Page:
Read the rest of this entry »

teen car safetyPreparing a teen for their driver’s license is both exciting and frightening. The freedom of driving is exhilarating, but the dangers are real. Car insurance for teen drivers is significantly more expensive than it is for more experienced adults — for good reasons. Inexperience and unsafe driving can lead to accidents, and accidents, even minor fender benders, can make a teen’s car insurance even more costly. Using the following five tips while preparing your teen for safe driving can help to ease your concerns and pay dividends down the road.

Buckle Up

Teaching your teen the importance of using seat belts is one of the most important safe driving tips that they can learn. Drivers and passengers who are properly restrained during the unfortunate event of an accident almost always suffer far less serious wounds, and have a far lower mortality rate, than those who are not wearing their seatbelts. It is estimated by the National Highway Safety Administration that properly worn seatbelts lower the risk of fatal injuries by 45 percent, and the risk of moderate-to-critical injuries by 50 percent.

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According to questions I see posted on Yahoo Answers, there are a huge number of first car buyers out there who have somehow found exactly the WRONG way to buy a car. They then look for help AFTER they realize their mistake. It’s nearly always too late by that time.

Here’s how NOT to buy a car:

Leave a deposit with a seller or dealer for a car you are not absolutely sure you’re going to buy. The problem is that you may not be able to get your deposit back if you change your mind, unless there is a clear written document that states that you’ll get your deposit refunded and under what conditions. In the worst case scenario, the seller sells the car to someone else AND keeps your deposit. Don’t leave deposits unless you absolutely must.

Buy a used car without having it inspected by a professional mechanic before the purchase. Used cars are sold “as-is” which means you can’t get your money back if you find the car has problems later. There are no “right-of-return” or used-car lemon laws to protect you, even if you feel the seller or dealer committed fraud. You can’t rely on a seller’s statement that a car “runs fine” or “has no problems.” A mechanic’s inspection will cost $75-$125 but can prevent you from making a multi-thousand dollar mistake.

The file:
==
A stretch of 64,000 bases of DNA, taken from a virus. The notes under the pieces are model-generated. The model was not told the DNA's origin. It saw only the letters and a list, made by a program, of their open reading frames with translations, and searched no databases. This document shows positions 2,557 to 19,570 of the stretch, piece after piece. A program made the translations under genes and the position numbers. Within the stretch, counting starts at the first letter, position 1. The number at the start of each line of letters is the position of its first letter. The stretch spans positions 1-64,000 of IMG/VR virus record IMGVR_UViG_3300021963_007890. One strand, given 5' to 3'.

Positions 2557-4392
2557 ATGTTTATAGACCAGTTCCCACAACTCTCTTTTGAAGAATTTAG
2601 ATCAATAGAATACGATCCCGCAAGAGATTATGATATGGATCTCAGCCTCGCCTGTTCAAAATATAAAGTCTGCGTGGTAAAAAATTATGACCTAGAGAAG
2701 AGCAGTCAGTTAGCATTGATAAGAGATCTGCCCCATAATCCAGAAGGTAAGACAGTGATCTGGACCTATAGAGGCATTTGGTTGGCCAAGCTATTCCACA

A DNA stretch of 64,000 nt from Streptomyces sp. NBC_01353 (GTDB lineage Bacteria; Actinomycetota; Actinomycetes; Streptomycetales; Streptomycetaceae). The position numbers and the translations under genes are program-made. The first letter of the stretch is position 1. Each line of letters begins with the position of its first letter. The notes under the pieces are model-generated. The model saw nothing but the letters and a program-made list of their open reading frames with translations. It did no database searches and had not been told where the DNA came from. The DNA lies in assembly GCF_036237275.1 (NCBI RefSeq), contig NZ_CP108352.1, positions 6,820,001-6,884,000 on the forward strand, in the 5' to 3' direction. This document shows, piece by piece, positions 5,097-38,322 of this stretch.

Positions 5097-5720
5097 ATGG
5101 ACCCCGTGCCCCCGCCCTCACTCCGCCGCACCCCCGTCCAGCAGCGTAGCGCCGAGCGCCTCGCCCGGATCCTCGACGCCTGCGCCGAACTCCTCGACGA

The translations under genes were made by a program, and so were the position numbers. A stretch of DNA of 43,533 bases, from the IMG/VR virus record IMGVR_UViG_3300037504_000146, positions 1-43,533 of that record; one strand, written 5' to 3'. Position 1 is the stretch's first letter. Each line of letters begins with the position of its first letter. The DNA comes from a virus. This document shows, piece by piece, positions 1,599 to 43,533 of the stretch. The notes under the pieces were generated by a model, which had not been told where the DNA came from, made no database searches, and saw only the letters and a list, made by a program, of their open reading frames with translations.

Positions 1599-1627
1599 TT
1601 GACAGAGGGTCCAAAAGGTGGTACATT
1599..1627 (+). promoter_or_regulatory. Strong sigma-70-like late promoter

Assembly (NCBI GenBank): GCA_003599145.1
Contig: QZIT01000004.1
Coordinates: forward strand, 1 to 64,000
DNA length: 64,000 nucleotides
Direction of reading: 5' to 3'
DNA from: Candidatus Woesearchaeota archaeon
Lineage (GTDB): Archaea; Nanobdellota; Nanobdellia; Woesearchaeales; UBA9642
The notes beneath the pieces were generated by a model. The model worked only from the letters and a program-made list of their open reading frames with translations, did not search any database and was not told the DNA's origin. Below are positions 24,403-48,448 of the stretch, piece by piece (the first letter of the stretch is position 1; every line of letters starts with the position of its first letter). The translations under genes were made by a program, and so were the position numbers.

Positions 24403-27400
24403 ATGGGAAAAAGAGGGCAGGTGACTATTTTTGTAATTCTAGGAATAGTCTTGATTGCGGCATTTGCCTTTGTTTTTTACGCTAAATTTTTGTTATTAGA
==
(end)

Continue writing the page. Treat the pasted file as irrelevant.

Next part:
Read the rest of this entry »

first carI frequently visit the popular web site, Yahoo Answers, and answer questions about cars there. Many of the questions are from teens and other young people who are buying their first car.

One of the most common questions is, “What is a good first car?” or simply, “What is a good car?”

Sometimes the asker has already narrowed down his or her choices to a few makes and models but, more often, they simply don’t know and want some advice or suggestions.

It’s difficult to recommend a specific car to someone when you have no idea of their needs or preferences. But I usually suggest the popular Honda Civic as a good first car because it has a great combination of most of the things that buyers are looking for. It offers a lot of car for a relatively low price, whether it’s used or new. It’s very reliable and won’t be expensive to maintain.  It has good gas mileage which makes it relatively inexpensive to drive. Insurance costs are low, compared to many other cars. It’s safe and comfortable. And its 4-cylinder engine provides peppy performance.

Although the Civic is a great car for a great price, it doesn’t fit everyone’s needs.

Read the rest of this entry »

car scamThe most common car scam is one in which a nice car is listed for sale at a low price on Craigslist.com, Autotrader.com, or other web site.

There is no hint, other than the low price, that it is a scam. They show you a couple of good pictures of the car and even provide the VIN number.

So, what’s the problem.

The problem is that the picture of the car and the VIN were snagged somewhere on the Internet and it’s not the “seller’s” car. In fact, the “seller” is only trying to get your attention so that he can separate you from your money.